WHEREFORE, the decision of the Court of Appeals promulgated on  July 18, 2006 is MODIFIED by finding PO2 Eduardo Valdez guilty beyond reasonable doubt of three counts of HOMICIDE, and sentencing him to suffer for each count the indeterminate sentence of 10 years of prision mayor as minimum to 17 years of reclusion temporal as maximum; and to pay to the respective heirs of the late Ferdinand Sayson, Moises Sayson, Jr., and Joselito Sayson the amounts of P50,000.00 as civil indemnity, P50,000.00 as moral damages, and P25,000.00 as temperate damages.

The accused shall pay the costs of suit.


Corona, C.J., (Chairperson), Leonardo-De Castro, Del Castillo, and Villarama, Jr., JJ., concur.

[1] Rollo, pp. 2-18; penned by Associate Justice Renato C. Dacudao (retired), with Associate Justice Rosmari D. Carandang and Associate Justice Monina Arevalo-Zenarosa (retired) concurring.

[2] Id., p. 57.

[3] Id., p. 3.

[4] Id., p. 3.

[5] Id.

[6 ]Id., p. 5.

[7] Id., pp. 6-7.

[8] Id., pp. 7-8.

[9] Id., p. 17.

[10 ]Id., p. 11.

[11] Rollo, pp. 13-14 (bold emphases are in the original text).

[12] People v. Darilay, G.R. Nos. 139751-752, January 26, 2004, 421 SCRA 45, 54.

[13] People v. Santiago, G.R. Nos. 137542-43, January 20, 2004, 420 SCRA 248, 256; People v. Abolidor, G.R. No. 147231, February 18, 2004, 423 SCRA 260; People v. Pacheco, G.R. No. 142887, March 2, 2004, 424 SCRA 164, 174; People v. Genita, Jr., G.R. No. 126171, March 11, 2004, 425 SCRA 343, 349; People v. Tonog, Jr., G.R. No. 144497, June 29, 2004, 433 SCRA 139, 153-154; Perez v. People, G.R. No. 150433, January 20, 2006, 479 SCRA 209, 219-220; Bricenio v. People, G.R. No. 154804, June 20, 2006, 491 SCRA 489, 495; People v. Taan, G.R. No. 169432, October 30, 2006, 506 SCRA 219, 230; People v. Cabugatan, G.R. No. 172019, February 12, 2007, 515 SCRA 537, 547; People v. De Guzman, G.R. No. 177569, November 28, 2007, 539 SCRA 306.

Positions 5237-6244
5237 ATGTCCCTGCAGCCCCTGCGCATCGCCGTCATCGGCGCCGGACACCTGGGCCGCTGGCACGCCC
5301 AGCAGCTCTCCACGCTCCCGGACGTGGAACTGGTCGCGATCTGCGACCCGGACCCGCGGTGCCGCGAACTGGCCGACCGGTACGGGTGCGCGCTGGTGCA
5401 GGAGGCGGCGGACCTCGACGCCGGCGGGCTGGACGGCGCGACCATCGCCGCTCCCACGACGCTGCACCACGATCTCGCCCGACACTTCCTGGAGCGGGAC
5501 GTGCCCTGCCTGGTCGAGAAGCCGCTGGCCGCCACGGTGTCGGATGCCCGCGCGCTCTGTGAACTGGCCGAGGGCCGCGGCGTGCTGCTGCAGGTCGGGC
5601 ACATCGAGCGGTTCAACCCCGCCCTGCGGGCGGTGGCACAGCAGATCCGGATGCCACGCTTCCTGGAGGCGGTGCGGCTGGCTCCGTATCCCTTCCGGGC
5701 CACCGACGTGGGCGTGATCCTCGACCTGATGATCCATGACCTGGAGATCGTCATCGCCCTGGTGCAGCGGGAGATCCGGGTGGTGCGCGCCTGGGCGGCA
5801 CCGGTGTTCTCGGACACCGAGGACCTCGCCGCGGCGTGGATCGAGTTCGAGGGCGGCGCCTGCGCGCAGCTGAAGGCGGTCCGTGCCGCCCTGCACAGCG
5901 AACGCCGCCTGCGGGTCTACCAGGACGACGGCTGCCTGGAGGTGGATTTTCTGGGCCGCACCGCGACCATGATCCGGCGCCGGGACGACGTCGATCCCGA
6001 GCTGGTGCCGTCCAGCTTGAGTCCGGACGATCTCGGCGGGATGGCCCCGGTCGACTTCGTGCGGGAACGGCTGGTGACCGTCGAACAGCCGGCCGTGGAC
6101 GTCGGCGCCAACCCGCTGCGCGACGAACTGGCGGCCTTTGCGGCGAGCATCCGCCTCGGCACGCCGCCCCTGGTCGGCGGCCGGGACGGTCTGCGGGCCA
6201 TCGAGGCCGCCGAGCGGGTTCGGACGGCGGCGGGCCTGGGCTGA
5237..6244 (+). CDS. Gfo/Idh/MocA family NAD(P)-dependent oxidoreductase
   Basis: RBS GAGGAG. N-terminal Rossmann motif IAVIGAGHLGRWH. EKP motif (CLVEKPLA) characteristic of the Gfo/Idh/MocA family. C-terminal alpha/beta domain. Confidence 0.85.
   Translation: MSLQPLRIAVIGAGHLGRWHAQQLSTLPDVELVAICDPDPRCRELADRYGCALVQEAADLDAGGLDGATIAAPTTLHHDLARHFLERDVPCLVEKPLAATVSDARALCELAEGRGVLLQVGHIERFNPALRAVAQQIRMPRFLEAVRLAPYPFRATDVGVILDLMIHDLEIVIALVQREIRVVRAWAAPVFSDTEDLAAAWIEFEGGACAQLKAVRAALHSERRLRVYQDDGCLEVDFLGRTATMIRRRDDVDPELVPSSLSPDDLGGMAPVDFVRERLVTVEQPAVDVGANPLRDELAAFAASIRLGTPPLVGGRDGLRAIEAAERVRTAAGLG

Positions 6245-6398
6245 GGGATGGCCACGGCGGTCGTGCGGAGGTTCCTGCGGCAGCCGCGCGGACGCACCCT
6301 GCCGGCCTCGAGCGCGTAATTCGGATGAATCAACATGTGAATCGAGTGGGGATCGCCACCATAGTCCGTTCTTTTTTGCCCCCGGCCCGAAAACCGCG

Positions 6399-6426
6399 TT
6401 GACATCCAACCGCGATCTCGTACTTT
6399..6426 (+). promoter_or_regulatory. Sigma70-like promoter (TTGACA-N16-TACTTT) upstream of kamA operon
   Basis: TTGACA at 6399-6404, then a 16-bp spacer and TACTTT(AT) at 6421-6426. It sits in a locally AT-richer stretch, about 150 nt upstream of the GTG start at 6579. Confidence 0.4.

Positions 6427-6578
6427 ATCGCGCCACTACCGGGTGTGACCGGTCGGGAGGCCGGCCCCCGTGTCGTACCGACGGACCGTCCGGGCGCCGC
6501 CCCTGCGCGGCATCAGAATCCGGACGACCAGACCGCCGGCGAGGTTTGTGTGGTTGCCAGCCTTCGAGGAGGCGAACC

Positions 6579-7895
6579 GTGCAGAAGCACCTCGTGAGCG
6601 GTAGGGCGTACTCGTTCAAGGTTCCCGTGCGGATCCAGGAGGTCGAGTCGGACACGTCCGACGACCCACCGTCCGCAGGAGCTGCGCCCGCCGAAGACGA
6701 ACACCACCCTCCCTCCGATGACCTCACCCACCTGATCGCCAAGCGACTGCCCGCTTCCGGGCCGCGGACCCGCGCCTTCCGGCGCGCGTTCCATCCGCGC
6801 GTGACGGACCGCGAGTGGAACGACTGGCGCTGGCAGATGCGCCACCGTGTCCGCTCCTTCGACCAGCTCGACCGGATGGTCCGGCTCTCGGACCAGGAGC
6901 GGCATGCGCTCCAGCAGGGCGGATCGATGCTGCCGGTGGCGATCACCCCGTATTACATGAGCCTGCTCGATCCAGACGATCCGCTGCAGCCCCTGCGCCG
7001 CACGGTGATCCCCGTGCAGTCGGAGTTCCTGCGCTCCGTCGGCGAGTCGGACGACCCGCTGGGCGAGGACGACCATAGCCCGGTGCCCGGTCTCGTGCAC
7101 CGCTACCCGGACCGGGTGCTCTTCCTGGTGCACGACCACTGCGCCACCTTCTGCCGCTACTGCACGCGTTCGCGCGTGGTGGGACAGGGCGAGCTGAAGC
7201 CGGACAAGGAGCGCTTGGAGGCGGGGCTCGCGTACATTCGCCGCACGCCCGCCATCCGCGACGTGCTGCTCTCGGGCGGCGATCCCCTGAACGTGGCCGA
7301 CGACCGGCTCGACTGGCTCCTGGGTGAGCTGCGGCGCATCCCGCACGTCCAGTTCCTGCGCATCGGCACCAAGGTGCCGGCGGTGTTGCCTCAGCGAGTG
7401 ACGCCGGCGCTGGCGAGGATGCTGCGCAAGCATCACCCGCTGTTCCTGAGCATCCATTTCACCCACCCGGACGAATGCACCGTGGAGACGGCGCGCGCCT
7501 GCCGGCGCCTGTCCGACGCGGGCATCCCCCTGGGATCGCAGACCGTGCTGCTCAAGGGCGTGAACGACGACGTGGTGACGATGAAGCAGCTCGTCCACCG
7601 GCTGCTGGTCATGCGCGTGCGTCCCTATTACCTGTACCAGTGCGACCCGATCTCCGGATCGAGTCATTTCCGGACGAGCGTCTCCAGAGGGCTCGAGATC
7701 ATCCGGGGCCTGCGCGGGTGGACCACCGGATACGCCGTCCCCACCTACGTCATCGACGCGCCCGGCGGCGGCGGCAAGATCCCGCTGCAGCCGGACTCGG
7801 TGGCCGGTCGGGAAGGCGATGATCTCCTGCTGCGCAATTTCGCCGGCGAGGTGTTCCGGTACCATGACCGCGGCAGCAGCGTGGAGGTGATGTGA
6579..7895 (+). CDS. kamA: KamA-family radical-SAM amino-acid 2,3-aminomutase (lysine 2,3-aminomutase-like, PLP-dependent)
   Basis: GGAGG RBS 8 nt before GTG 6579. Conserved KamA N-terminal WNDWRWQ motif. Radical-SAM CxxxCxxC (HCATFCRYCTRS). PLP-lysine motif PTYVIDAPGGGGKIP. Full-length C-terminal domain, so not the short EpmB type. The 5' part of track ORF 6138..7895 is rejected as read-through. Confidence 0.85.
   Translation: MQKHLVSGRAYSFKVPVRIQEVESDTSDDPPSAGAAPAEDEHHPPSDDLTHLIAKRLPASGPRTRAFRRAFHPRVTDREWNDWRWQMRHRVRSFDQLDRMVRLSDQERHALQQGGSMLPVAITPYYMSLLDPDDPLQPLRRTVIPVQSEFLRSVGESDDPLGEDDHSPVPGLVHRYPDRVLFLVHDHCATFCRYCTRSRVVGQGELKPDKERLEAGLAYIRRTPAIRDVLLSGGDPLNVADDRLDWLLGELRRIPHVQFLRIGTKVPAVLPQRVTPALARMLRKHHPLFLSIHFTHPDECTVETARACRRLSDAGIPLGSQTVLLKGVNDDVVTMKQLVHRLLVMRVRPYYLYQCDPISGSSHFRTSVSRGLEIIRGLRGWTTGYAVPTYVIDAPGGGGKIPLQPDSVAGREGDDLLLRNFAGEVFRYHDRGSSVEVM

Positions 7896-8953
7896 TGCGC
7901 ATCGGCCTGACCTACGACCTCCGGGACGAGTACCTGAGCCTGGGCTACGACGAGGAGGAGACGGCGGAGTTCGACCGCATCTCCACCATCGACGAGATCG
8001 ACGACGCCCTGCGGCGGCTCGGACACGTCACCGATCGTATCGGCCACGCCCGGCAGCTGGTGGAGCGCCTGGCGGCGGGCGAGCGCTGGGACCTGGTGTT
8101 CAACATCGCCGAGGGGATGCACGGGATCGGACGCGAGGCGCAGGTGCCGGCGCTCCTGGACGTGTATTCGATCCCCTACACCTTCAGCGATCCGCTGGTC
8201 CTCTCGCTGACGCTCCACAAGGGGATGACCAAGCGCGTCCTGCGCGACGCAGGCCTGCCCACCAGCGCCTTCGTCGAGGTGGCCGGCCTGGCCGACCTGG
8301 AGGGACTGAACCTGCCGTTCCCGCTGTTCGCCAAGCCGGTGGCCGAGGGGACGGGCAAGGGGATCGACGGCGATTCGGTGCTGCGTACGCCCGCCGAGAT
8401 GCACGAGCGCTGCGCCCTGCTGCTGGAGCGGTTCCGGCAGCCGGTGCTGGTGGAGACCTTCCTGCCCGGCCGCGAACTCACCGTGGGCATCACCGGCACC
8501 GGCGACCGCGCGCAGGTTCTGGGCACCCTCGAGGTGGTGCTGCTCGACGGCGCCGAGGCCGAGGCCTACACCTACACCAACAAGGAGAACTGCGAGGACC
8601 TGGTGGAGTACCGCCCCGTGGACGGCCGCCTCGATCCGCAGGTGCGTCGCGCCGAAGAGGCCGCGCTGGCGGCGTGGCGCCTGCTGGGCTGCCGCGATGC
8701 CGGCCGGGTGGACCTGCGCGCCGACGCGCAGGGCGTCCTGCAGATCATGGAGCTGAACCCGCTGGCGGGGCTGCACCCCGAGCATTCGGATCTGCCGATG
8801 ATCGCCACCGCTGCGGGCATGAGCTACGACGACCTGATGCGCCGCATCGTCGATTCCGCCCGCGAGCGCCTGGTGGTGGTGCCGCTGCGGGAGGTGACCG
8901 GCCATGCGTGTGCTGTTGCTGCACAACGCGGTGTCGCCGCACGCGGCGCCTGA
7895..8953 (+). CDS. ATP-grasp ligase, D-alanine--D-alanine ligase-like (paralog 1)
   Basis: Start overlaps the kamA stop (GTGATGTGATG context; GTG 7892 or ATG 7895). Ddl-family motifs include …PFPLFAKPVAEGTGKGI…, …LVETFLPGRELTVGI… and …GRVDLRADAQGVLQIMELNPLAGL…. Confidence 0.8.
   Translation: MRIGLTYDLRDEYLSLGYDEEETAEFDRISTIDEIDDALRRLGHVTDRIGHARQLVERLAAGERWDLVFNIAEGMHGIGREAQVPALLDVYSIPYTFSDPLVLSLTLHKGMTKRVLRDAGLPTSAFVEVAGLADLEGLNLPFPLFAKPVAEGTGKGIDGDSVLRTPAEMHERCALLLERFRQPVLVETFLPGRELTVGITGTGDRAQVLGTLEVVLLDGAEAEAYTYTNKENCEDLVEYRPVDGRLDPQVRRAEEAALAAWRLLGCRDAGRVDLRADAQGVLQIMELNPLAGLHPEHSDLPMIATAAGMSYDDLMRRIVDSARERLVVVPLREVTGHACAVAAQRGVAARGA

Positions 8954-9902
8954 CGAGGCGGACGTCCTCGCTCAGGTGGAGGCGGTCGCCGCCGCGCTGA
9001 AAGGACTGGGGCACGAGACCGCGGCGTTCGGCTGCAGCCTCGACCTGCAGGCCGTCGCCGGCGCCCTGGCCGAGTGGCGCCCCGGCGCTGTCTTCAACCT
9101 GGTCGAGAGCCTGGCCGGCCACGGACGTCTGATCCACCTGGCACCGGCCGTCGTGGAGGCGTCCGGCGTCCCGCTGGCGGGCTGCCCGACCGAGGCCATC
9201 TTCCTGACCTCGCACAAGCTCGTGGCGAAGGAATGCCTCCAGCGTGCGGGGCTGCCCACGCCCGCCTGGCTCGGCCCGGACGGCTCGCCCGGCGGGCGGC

[14] People v. Ebrada, G.R. No. 122774, September 26, 1998, 296 SCRA 353, 365.

[15] People v. Gailo, G.R. No. 116233, October. 13, 1999, 316 SCRA 733, 748.

[16] Rollo, pp. 6-7.

[17] Garcia v. People , G.R. No. 144699, March 10, 2004, 425 SCRA 221, 228.

[18] Exhibits K and L.

[19] Exhibit D.

[20] Exhibits Q and R.

[21] TSN, May 23, 2000, pp. 3-13; September 12, 2000, pp. 2-7.

[22] People v. Bardaje, No. L-29271, August 29, 1980, 99 SCRA 388, 399; People v. Nepomuceno, Jr., G.R. No. 127818, November 11, 1998, 298 SCRA 450, 463.

[23] Art. 8, 2nd Par., Revised Penal Code; Aradillos v. Court of Appeals, G.R. No. 135619, January 15, 2004, 419 SCRA 514, 527; People v. Ogapay, No. L-28566, August 21, 1975, 66 SCRA 209, 214.

[24] People v. Cabrera,G.R. No. 105992, February 1, 1995, 241 SCRA 28, 34.

[25] People v. De Jesus, G.R. No. 134815, May 27, 2004, 429 SCRA 384, 404; People v. Masagnay, G.R. No. 137364, June 10, 2004, 431 SCRA 572, 580.

[26] People v. Natipravat, No. L-69876, November 13, 1986, 145 SCRA 483, 492; People v. Bausing, G.R. No. 64965, July 18, 1991, 199 SCRA 355, 364; People v. Merabueno, G.R. No. 87179, December 14, 1994, 239 SCRA 197, 203-204.

[27] Article 14 (16), Revised Penal Code.

[28] Lacson v. Executive Secretary, G.R. No. 128096, January 20, 1999, 301 SCRA 298, 327.

[29] G.R. No. 168168, September 14, 2005, 469 SCRA 647, 666-667.

[30] United States v. Lim San, 17 Phil. 273 (1910).

[31] Section 4, Rule 120, Rules of Court.

[32] Section 4, Rule 120, Rules of Court.

[33] Article 249. Homicide. — Any person who, not falling within the provisions of Article 246, shall kill another without the attendance of any of the circumstances enumerated in the next preceding article, shall be deemed guilty of homicide and be punished by reclusion temporal.